InternalsVisibleTo is interesting attribute. It will make all it’s internal (or friend) fields open to the special one. In this case “special one” is another assembly.
Let’s try to elaborate this with example. Assembly A.exe has reference to B.dll. A.exe can see all public fields and nothing more. However, if designer of B.dll adds InternalsVisibleTo attribute, A.exe will be able to see his fields marked with internal also.
One can argue that this violates “black box” principle and I would agree. This attribute is not to be used regularly. I can think only two reasons why you should use this.
First one is component test. If you “befriend” your test assembly (A.exe) and B.dll this means that testing of target assembly is not limited to public interface. You suddenly have power to test internal workings.
Another usage is for those solutions that have multiple projects in different language. Sometimes you just have components already available in one language (e.g. C#) while main project is in another (e.g. VB.NET). Instead of rewriting everything, simple make new assembly and have all it’s content internal with InternalsVisibleTo exception for main project.
For this case benefits are doubtful since you might as well make those classes public and everything will work as it should. However, I like to make it internal in order to prevent others accessing it. If you just leave public assemblies laying around chances are that someone will use it.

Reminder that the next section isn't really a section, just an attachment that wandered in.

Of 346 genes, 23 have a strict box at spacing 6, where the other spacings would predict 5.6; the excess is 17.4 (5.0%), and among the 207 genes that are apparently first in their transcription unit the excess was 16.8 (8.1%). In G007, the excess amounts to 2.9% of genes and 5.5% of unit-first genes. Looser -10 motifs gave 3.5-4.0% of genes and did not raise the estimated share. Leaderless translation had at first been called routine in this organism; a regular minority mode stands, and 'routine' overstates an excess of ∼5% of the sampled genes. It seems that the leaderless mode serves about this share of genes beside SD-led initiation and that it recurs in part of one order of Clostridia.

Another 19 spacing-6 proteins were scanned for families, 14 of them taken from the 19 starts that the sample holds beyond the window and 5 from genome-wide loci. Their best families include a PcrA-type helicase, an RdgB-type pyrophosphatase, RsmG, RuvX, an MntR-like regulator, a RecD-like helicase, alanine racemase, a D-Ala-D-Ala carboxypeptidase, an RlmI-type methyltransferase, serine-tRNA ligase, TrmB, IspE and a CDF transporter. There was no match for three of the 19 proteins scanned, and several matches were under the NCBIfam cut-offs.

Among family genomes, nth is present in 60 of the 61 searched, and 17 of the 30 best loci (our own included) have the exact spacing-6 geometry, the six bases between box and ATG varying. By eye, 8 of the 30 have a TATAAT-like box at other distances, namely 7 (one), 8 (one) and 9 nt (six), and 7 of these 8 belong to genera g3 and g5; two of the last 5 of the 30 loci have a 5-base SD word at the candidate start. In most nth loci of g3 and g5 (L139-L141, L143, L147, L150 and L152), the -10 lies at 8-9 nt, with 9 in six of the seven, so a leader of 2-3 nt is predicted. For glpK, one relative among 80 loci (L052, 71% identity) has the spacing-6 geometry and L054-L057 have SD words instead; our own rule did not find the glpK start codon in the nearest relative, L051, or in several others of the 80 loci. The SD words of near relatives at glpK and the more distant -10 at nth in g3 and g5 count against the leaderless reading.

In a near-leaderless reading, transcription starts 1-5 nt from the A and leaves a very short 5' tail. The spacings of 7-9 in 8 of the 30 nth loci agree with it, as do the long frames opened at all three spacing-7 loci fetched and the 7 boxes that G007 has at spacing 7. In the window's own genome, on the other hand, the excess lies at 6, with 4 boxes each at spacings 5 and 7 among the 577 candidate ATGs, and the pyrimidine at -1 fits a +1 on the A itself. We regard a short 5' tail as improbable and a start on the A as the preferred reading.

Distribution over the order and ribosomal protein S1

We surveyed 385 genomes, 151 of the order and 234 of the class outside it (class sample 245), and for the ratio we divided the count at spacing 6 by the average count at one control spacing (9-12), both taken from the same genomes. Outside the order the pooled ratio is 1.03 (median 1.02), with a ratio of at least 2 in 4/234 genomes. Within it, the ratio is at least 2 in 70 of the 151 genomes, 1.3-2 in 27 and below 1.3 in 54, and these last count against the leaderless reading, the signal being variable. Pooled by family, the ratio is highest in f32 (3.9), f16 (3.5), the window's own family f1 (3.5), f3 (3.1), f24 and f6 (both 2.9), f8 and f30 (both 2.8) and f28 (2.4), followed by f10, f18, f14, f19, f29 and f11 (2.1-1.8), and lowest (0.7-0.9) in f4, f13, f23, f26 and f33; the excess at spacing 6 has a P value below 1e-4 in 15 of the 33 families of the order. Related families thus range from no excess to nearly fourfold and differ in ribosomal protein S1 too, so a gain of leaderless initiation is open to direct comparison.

That may be new guy on project that doesn’t know history of that class and he will just see opportunity to hook into already existing interface. He will not know that this was not intended to be public interface and that it wasn’t tested as such and probability is high that something will break.
While public assemblies hopefully get interface testing that they deserve, original idea of this assembly was to be glue between languages. It may be that everything works great while it has benefit of all calls being made from main project but, once you directly access it, you will stumble on quite a lot of problems and border case error that weren’t issue before. And if you ship it, you get to support public interface that was never designed as such.
If you still want to use this attribute after all this warnings, just add it in AssemblyInfo.cs (or your own favorite place):
[assembly: InternalsVisibleTo("A, PublicKey=00240000048000009400000006020000002400005253413100040000010001002de64bdf2fb7ba60913800e843fe50288f7c1467051bb0a70eca140d1e3900530a51931ead28a80d50c7b4bd7a6ec868f601dee366fef644d129a43d6eb8090c1fd097d4e13b80b1069eafab518233e0f21e14e89ee73e47486a7faf4ea2a4ad5dd48a80d1477fdd3c1715c8b46e876bbc2c27595914a0c1437d44e656e4c2d3")]
As you can see, attribute will take one argument consisting of two parts separated by comma (,). First is name of your project (in this case “A”) and other is public key of that strong-signed assembly (yes, this attribute will not work on assemblies that are not strong-signed).
In order to get that last piece of puzzle, one can use Microsoft’s Strong Name utility:
sn -Tp .\A.exe
Microsoft (R) .NET Framework Strong Name Utility Version 3.5.30729.1
Copyright (c) Microsoft Corporation. All rights reserved.
Public key is
Public key token is b80ce85f4244428f
Of course, to do this you will need to have “C:\Program Files\Microsoft SDKs\Windows\v6.0A\Bin” (or whichever directory holds sn.exe on your system) in path.